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42 – A Hitchhiker’s Guide to Sci-Fi’s Favorite Number – Homage to the Late Douglas Adams
When Rafa Nadall beat Roger Federer in the longest final in Wimbledon history last July, he became the first Spaniard to win a grass-court major in 42 years. This sent Spain into full celebration mode. It also caused quite a bit of consternation among Federer’s fans, who were prepared to witness if not a sixth consecutive Wimbledon victory. However, I suspect most people stumbled and yawned to their kitchen for another cup of coffee. I do not. I ran for my computer and opened the folder labeled “42” where I had collected significant occurrences of the number for years. Before you think I’m a complete lunatic, remember that “42” was revealed by the late British science fiction satirist Douglas Adams (1952 – 2001) as the answer to a fundamental question about life, the universe, and everything.
Adams’ science fiction “trilogy”, The Hitchhiker’s Guide to the Galaxy, consisting of five novels, began as a BBC radio series in 1978. The story begins with the destruction of planet Earth to make way for a new intergalactic bypass. Horrified people get little sympathy – after all, the notice has been displayed for millennia in the basement of a public building. Where? Well, not Earth.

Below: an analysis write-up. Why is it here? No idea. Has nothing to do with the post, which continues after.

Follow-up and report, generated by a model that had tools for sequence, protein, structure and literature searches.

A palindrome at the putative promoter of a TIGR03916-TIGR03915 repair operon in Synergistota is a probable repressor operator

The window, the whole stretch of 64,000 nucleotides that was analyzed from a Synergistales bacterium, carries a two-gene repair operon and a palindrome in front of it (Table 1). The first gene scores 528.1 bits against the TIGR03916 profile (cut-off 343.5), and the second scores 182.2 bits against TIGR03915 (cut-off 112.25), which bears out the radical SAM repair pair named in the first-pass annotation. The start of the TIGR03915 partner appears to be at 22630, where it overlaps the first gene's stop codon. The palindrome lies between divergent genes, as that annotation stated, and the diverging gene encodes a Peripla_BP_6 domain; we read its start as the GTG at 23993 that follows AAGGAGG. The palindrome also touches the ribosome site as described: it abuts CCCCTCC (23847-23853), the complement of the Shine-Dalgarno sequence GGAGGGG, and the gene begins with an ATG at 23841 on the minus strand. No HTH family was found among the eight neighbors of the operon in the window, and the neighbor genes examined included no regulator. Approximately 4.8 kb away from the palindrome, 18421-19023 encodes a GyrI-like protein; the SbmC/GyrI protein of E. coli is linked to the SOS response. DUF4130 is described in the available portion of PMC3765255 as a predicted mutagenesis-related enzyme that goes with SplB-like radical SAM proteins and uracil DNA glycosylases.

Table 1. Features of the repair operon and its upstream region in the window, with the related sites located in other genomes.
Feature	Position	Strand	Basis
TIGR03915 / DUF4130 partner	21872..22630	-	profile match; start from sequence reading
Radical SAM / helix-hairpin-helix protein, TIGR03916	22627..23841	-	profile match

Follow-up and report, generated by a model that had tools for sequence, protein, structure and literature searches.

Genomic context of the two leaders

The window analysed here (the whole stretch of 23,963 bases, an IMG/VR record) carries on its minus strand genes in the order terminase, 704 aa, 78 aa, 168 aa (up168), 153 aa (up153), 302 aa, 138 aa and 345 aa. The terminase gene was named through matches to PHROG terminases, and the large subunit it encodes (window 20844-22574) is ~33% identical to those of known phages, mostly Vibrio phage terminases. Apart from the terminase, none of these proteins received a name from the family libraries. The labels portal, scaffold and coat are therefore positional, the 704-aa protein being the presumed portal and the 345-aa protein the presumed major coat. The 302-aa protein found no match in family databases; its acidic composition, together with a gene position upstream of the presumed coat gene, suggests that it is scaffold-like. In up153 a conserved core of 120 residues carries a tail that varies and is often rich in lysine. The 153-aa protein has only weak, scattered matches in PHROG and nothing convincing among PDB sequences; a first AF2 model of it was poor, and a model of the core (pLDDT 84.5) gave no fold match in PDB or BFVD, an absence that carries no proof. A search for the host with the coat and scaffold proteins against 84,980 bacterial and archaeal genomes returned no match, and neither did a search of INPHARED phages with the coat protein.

The search for the meaning of life, the universe and everything in general is undertaken by a patient computer named Deep Thought, built by mice. In a unique display of persistence, he worked on the problem for 7.5 million years before concluding that the number 42 was the answer.
From the number of major league baseball’s first African-American, Jackie Robinson, to the weight in pounds of a piece of granite used in the ancient Scottish ice sport of curling, 42 comes up a lot in sports, regardless of the score. The New England Patriots waited 42 years to win a national championship; – it was 20-17 over St. Louis Rams in the first Super Bowl ever won by a field goal. In October 2002, in his forty-second season, Gene Autry’s now Anaheim Angels won their first World Series.
2009 started as a year full of 42 years. Three of the biggest stories—the Hudson River hero, the peanut butter recall, and the California figure eight—are inexorably tied to the number. Captain Sully Sullenberger had 42 years of flying experience before landing safely on the Hudson. As of January 10, when King Nut issued its total peanut butter recall, 399 people in 42 states had contracted salmonella. California was mired in a budget crisis when Nadya Suleman gave birth to octuplets, bringing her total to fourteen and sparking a fierce debate about the unfair burden on taxpayers. Deficit? 42 billion dollars.